- Jade Byrd didn’t want to make a country album.
The Austin-based singer-songwriter, Jade Byrd, who is known for his big voice and boisterous American-pop tunes, is looking to follow up his eponymous project in 2019 with a collection that feels like it’s grown. However, he also wanted to preserve his roots. “I’m an English girl,” Bird told MTV News. “I’m in the country, but I don’t think the songs I write are all country.”
What happened following challenges that view. At the legendary RCA Studios in Nashville, he booked time with producer Dave Cobb, best known for his Grammy-winning work with Chris Stapleton and Brandi Carlisle and the soundtrack to A Star Is Born. All things are geared towards country albums.
And then I got there, and I started to realize that Dave was in a Britpop band as a kid!” Bird said and referred to Cobb’s tenure with The Tender Idols in the 1990s. “Elizabeth Fraser is mentioned in the [Cocteau Twins], and even Iggy Pop is mentioned once, even though she’s not British. The weirdest and weirdest reference about the Bee Gees.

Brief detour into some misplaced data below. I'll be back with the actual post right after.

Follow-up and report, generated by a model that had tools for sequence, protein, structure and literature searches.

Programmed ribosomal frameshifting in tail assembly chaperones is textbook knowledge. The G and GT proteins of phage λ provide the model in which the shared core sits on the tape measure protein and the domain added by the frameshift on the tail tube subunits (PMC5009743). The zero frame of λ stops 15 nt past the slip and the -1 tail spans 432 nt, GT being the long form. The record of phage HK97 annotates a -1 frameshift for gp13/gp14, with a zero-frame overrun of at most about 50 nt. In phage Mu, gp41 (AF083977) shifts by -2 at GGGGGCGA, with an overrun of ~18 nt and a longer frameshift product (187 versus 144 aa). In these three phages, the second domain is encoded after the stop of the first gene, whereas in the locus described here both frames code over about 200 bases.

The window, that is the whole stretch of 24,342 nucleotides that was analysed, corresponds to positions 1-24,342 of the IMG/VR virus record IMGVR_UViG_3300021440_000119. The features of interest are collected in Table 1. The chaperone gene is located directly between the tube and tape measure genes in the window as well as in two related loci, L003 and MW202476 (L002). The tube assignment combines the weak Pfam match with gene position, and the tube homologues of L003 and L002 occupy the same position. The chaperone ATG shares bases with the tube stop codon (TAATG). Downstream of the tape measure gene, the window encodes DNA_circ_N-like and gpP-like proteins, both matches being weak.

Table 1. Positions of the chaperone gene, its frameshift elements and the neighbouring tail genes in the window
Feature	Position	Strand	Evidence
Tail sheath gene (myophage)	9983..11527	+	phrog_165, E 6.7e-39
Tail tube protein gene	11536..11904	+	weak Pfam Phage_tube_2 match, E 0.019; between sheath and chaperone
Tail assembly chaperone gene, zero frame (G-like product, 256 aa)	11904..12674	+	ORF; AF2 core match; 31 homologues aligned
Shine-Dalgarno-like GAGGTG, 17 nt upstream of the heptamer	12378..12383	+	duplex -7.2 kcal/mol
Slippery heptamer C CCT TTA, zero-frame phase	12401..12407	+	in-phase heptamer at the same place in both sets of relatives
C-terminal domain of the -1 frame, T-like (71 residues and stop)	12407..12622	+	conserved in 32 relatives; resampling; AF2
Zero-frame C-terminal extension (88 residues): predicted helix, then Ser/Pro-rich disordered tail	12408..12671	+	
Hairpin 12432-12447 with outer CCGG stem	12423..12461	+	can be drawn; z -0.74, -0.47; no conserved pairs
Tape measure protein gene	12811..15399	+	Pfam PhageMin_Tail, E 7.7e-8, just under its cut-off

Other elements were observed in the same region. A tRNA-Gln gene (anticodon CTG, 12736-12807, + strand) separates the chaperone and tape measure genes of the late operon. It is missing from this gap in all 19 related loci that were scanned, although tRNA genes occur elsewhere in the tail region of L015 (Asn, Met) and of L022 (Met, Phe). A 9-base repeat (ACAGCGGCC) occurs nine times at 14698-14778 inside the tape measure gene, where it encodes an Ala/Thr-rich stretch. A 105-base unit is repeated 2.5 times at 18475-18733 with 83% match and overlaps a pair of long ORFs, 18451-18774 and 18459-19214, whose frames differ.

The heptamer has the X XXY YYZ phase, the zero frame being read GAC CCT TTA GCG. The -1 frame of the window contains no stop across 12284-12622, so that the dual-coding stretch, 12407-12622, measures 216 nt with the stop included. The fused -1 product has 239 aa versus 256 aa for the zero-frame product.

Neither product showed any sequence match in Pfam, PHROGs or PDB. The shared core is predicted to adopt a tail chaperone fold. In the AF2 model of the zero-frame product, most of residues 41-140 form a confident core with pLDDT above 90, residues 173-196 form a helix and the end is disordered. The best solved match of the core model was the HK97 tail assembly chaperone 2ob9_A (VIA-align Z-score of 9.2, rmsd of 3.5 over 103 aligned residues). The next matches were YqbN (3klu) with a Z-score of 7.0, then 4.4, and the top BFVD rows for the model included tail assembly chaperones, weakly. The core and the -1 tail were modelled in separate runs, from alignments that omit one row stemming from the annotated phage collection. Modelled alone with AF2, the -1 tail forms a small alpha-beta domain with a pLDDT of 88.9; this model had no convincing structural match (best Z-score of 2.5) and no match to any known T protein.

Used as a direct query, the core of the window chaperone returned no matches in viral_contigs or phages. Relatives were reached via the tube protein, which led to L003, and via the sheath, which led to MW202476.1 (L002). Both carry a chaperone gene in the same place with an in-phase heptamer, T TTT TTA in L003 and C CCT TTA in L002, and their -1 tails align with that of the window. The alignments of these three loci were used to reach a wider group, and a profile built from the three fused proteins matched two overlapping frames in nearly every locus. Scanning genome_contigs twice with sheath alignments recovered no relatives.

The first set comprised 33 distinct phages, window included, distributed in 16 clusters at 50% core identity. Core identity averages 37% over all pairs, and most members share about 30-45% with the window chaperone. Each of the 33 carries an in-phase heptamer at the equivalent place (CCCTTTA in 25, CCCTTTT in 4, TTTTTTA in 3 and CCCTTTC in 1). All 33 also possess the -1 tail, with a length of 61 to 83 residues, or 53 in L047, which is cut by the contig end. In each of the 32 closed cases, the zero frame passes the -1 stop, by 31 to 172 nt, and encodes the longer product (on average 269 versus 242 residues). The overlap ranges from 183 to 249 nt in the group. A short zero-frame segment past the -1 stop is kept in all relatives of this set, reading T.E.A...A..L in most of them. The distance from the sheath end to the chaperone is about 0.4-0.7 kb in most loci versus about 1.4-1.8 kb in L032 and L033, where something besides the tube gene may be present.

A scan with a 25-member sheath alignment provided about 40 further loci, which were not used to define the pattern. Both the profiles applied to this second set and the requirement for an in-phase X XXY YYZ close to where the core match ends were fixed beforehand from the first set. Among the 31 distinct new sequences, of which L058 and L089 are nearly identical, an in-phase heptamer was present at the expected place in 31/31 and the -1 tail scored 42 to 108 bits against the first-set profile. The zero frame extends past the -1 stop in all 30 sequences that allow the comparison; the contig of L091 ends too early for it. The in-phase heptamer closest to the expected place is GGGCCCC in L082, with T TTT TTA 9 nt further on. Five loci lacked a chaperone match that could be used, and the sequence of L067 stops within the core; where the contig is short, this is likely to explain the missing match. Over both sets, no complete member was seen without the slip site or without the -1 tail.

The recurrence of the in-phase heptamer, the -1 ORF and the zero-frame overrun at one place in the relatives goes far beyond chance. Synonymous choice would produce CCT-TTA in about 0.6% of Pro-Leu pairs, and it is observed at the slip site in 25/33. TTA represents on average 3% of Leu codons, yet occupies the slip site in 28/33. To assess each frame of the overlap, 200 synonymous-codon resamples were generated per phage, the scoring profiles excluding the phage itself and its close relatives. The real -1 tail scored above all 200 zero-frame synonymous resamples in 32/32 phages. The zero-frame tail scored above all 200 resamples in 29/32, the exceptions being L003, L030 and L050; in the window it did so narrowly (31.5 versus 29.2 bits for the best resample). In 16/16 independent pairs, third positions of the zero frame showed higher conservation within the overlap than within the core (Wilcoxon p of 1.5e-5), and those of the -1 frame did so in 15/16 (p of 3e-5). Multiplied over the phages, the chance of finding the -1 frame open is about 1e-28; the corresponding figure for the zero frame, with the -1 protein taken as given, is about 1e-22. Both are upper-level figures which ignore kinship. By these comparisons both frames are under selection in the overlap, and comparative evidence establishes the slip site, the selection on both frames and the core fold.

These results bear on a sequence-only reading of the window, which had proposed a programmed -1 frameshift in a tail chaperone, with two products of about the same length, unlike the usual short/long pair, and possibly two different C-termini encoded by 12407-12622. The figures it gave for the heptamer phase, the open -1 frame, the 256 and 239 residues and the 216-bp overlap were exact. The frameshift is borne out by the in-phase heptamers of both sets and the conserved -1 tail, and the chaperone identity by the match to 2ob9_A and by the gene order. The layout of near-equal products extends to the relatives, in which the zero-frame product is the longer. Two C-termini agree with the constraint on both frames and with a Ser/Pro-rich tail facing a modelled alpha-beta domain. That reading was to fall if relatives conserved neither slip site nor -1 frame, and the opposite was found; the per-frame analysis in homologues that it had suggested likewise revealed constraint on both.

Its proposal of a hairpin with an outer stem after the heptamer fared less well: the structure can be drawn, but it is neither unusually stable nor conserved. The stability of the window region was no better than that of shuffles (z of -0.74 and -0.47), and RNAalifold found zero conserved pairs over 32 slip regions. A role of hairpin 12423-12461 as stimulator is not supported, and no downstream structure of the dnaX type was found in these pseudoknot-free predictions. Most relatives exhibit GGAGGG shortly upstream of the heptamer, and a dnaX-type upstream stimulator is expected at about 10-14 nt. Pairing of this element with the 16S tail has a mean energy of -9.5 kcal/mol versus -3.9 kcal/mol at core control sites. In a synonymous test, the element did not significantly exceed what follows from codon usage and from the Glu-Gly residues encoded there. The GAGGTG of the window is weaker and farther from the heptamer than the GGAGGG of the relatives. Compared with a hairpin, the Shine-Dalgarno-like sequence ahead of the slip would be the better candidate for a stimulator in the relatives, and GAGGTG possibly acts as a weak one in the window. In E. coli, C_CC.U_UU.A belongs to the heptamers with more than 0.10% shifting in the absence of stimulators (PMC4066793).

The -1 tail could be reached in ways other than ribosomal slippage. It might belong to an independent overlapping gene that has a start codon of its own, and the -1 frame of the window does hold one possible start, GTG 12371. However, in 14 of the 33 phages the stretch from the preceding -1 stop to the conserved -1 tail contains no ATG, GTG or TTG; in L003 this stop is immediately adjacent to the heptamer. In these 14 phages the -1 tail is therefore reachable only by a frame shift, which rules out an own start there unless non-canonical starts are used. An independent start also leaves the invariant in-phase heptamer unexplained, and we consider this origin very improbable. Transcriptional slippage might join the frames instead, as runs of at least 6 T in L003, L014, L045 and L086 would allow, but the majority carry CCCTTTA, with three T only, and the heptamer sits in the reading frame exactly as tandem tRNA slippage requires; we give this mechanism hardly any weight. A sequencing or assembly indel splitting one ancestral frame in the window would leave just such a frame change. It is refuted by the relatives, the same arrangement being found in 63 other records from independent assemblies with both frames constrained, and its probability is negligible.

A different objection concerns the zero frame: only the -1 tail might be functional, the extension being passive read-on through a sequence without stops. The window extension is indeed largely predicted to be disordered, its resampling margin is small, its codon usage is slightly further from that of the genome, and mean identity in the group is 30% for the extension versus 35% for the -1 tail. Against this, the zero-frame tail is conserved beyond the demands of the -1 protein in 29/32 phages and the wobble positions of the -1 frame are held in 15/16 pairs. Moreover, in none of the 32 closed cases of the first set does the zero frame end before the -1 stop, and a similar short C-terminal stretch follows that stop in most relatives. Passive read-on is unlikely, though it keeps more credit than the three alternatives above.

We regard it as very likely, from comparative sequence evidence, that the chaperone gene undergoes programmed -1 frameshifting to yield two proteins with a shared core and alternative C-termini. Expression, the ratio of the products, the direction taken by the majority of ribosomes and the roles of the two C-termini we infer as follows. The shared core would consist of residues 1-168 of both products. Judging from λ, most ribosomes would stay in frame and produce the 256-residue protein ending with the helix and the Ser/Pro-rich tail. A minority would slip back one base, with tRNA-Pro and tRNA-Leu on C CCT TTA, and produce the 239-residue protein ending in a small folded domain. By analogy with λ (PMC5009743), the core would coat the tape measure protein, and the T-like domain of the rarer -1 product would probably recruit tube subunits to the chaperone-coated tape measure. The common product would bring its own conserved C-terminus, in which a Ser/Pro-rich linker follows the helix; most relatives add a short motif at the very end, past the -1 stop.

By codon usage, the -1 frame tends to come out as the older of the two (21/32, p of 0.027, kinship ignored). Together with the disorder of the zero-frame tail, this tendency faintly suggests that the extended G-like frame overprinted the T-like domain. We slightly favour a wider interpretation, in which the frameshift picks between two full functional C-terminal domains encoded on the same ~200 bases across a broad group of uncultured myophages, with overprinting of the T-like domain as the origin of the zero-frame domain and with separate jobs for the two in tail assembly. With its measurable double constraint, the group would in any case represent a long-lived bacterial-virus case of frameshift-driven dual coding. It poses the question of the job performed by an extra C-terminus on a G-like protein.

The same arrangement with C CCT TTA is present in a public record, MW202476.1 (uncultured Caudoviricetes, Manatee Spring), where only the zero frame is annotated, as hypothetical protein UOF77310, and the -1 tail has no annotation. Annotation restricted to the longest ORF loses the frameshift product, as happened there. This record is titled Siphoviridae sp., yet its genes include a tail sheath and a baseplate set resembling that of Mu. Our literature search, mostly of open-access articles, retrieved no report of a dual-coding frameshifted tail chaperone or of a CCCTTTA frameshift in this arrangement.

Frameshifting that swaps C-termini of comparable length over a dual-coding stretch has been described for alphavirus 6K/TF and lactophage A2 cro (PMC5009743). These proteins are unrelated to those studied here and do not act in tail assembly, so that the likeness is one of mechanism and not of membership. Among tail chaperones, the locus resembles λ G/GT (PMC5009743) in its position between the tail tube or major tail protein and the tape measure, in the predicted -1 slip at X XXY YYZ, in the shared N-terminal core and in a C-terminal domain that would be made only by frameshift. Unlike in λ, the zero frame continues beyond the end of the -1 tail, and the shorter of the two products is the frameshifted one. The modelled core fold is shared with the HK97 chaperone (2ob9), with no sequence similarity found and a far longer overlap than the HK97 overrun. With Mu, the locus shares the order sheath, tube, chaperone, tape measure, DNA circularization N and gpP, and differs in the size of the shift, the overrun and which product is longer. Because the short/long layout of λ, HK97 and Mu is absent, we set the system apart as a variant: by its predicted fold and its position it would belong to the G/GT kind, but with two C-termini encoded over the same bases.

Jade Byrd fear is like – it’s not even worth it.”
The result of the energetic collaboration between Bird and Cobb is Different Kinds of Light, Bird’s second incandescent album to be released tomorrow (August 13): it is a Britpop album, formed by trademark Americana. The combo immediately resulted in a captivating collection that only shone warmer in its 43 minutes.
Bird, 23, has embraced South American music’s soulful and fundamental elements since his early days, unabashedly leading him to embrace the embrace of British melodies for a return of bold new form and direction. This stems from years of global patronage, the kind of agility that eventually turned them into this scholarship for just over two weeks.
Jade Byrd knew he needed a more holistic approach to album 2.
So he returned to the Catskills in early 2020. Felice’s Barn, where he wrote several brilliant singles (“The Lottery,” “Love Was Done and Before”) only to find that he had changed it. and can no longer be used as a place to write. “I was scared because I thought I needed this Barn. I needed this Barn. And he said, ‘No, you superstitious freak.’ “And he’s right,” Byrd said. He improvised. “I just found a shed down the road and ended up writing some of my favorite songs.”